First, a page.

As technology advances, and as technology’s cost declines, more and more businesses are adding sophisticated in-store or perimeter surveillance cameras to their comprehensive security systems. While these cameras can be a useful way to address potential crime, manage store safety, and monitor inventory, these cameras become very useful during the litigation of a premises liability case when they capture the manner in which an alleged incident occurred. It is no surprise then, that when a customer or business invitee is injured on a premises, he commonly seeks production of that in-store surveillance as part of the initial discovery in the eventual lawsuit.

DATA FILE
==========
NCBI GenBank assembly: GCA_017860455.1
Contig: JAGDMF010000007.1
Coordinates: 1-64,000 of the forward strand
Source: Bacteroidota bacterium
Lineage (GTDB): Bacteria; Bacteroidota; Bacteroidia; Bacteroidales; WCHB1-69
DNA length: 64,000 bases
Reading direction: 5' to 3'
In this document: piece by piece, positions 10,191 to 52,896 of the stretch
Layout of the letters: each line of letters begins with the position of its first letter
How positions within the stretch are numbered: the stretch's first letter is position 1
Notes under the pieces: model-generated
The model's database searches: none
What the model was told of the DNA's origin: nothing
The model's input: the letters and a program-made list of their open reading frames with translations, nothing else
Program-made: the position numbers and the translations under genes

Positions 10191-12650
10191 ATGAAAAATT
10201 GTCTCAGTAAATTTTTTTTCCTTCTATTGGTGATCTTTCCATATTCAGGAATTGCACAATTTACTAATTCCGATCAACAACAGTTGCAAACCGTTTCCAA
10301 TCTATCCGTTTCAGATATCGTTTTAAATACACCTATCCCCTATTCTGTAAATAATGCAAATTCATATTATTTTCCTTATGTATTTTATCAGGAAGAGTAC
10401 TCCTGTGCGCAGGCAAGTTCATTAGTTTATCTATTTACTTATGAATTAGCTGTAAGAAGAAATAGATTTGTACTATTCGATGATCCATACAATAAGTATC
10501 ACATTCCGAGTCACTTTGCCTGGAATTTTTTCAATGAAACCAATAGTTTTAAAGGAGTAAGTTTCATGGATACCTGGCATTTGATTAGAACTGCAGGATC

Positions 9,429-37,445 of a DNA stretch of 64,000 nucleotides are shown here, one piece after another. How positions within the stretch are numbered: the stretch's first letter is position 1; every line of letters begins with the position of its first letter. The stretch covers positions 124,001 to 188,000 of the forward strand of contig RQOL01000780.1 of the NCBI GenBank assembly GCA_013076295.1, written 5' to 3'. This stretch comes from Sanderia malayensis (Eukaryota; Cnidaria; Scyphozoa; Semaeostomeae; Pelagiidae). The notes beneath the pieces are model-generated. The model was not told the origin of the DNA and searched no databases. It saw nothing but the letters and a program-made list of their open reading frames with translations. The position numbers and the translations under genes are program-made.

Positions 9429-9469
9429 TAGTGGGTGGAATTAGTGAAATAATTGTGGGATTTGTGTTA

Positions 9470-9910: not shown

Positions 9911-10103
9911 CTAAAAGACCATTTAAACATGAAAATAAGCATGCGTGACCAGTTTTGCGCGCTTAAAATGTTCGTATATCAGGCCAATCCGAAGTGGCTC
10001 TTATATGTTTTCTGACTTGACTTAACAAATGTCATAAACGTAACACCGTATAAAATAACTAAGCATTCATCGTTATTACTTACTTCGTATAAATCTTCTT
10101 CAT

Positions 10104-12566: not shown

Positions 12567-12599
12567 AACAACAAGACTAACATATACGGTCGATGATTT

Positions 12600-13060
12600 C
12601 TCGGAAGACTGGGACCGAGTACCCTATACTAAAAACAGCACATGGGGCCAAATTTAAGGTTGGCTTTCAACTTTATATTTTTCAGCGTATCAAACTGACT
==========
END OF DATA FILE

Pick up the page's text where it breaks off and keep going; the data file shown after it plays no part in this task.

Business owner defendants commonly respond to these discovery requests by agreeing to produce the surveillance video, but only after deposing the plaintiff. This procedure arguably preserves the defendant’s ability to obtain the plaintiff’s unfettered and independent recollection of the alleged incident, without that recollection being skewed by the video surveillance. In support of their position, premises owners commonly rely on Dodson v. Persell, 390 So. 2d 704, 705 (Fla. 1980), in which the Florida Supreme Court held that it is within the trial court’s discretion to allow the surveilling party to take a deposition before being required to produce the contents of video surveillance in its possession. Critically, however, Dodson involved post-incident surveillance of the plaintiff and not surveillance of the incident itself.
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